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Facebook can lead to depression and misrepresentation of self

Facebook has certainly changed the way we represent ourselves in the world. Recent studies have been exploring how Facebook affects the human psyche on a personal and social level. It is natural for people to want to share posts that represent the best versions of themselves online. It seems, however, that continually posting a curated version of oneself on Facebook can lead to depression and cause alienation by friends.

Studies link depression to Facebook usage
A recent study has shown that seeing friends post about the great things in their life on a recurring basis can make us feel unhappy, less secure and unattractive. The University of Michigan conducted a study in which subjects where interviewed five times a day and their mental disposition compared with how often they had accessed Facebook that day. Associate professor of social psychology at the university, Ethan Cross, found a direct correlation.

"The finding was the more people used Facebook, the worse they felt, and the less satisfied they were with their lives," said Kross.

Humans generally have an idealized self that is shown to the world. We put on clothes, drive cars and get our hair styled in ways that aim to reflect our identities in a certain light. For many people, the difference between our online and offline selves is not that big. For some people, the difference between our Internet persona and real persona is striking. Social media offers the ability to exercise greater control over the versions we allow people to see online.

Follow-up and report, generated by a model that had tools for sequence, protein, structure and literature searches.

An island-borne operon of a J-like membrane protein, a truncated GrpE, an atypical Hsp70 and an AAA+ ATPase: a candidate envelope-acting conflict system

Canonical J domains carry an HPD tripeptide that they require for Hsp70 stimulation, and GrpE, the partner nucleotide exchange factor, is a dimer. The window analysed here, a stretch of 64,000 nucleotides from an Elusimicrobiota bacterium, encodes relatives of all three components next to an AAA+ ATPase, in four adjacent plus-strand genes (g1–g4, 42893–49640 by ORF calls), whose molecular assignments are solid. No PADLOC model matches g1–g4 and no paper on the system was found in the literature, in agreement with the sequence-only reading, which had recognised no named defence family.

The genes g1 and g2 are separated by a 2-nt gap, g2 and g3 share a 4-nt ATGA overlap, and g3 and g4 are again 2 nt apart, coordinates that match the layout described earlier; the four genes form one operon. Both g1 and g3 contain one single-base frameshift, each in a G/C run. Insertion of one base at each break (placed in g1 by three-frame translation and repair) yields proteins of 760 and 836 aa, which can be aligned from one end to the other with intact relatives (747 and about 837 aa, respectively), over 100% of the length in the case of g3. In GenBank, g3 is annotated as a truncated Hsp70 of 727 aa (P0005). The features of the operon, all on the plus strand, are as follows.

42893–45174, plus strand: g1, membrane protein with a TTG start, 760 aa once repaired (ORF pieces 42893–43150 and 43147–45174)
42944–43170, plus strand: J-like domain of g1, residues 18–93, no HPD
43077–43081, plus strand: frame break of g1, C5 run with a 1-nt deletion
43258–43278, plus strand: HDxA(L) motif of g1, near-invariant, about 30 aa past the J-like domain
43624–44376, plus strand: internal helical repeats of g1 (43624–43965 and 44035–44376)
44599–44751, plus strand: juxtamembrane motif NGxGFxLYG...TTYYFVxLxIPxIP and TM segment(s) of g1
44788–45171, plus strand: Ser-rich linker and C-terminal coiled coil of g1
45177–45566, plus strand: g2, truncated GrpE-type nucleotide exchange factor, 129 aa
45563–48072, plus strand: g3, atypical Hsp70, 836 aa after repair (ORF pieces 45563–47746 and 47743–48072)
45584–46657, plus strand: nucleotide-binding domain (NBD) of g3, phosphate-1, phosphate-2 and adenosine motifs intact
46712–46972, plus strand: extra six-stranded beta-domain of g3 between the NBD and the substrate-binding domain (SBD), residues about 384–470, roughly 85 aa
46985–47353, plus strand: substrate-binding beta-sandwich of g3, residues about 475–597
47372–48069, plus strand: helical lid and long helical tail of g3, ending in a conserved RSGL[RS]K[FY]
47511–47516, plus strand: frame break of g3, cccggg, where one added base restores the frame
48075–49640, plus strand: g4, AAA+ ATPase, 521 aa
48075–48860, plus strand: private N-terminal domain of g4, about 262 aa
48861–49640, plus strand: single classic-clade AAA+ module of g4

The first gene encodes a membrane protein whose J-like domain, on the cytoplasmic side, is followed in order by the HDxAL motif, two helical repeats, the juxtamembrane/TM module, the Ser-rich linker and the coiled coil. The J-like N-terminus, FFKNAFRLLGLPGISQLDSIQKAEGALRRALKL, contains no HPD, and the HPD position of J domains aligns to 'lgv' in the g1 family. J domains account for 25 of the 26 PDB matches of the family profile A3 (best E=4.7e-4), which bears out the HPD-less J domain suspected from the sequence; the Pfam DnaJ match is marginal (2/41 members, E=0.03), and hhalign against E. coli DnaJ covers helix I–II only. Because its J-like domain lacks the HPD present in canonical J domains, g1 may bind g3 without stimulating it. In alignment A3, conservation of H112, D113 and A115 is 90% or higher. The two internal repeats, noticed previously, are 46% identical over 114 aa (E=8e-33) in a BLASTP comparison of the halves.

"There's certainly an opportunity that people have to carefully curate how people appear," added Kross.

Another study was conducted at Northwestern University, where 108 couples participated. The scientists asked the participants to keep a daily diary for two weeks recording how they felt about their relationships. The researchers examined how each participant publicly interacted with their significant other on Facebook. Researchers looked at wall posts, status updates and photo comments. An increase in Facebook activity was observed especially when one partner felt down about the status of their relationship. Lydia Emery, Ph.D. graduate student at Northwestern University in Illinois, and head of the study, commented on the link between relationship woes and Facebook, reported Tech Times.

"People can choose what image of themselves to convey on Facebook, so it's intriguing that people seem to emphasize their relationships in that image when they're feeling insecure about them," said Emery.

Experimenting with how online personas can be manipulated
Other people have experimented with what they can do with their online personas through manipulation. David Cicirelli, a graphics designer in New York, announced to his friends in 2009 that he was going to quit his job and travel West. For six months he posted fictitious stories and pictures about his travels. He posted about being attacked by a rabid coyote, meeting an Amish woman on a farm and being kidnapped by a cult. Cicirelli simply Photoshopped the pictures and fabricated the details. He later wrote a book called "Fakebook," discussing his project and how eventually he became jealous of his alter ego, reported The Boston Globe.

"The point I was trying to prove was how everybody's online persona was not quite right," Cicirelli said.

Ultimately, social media is here to stay. Perhaps the best way to deal with Facebook is to participate and have an online profile, but not take it too seriously. Spending too much time on one's own profile, or the profiles of friends everyday could indicate that there is an underlying psychological problem that needs to be addressed.

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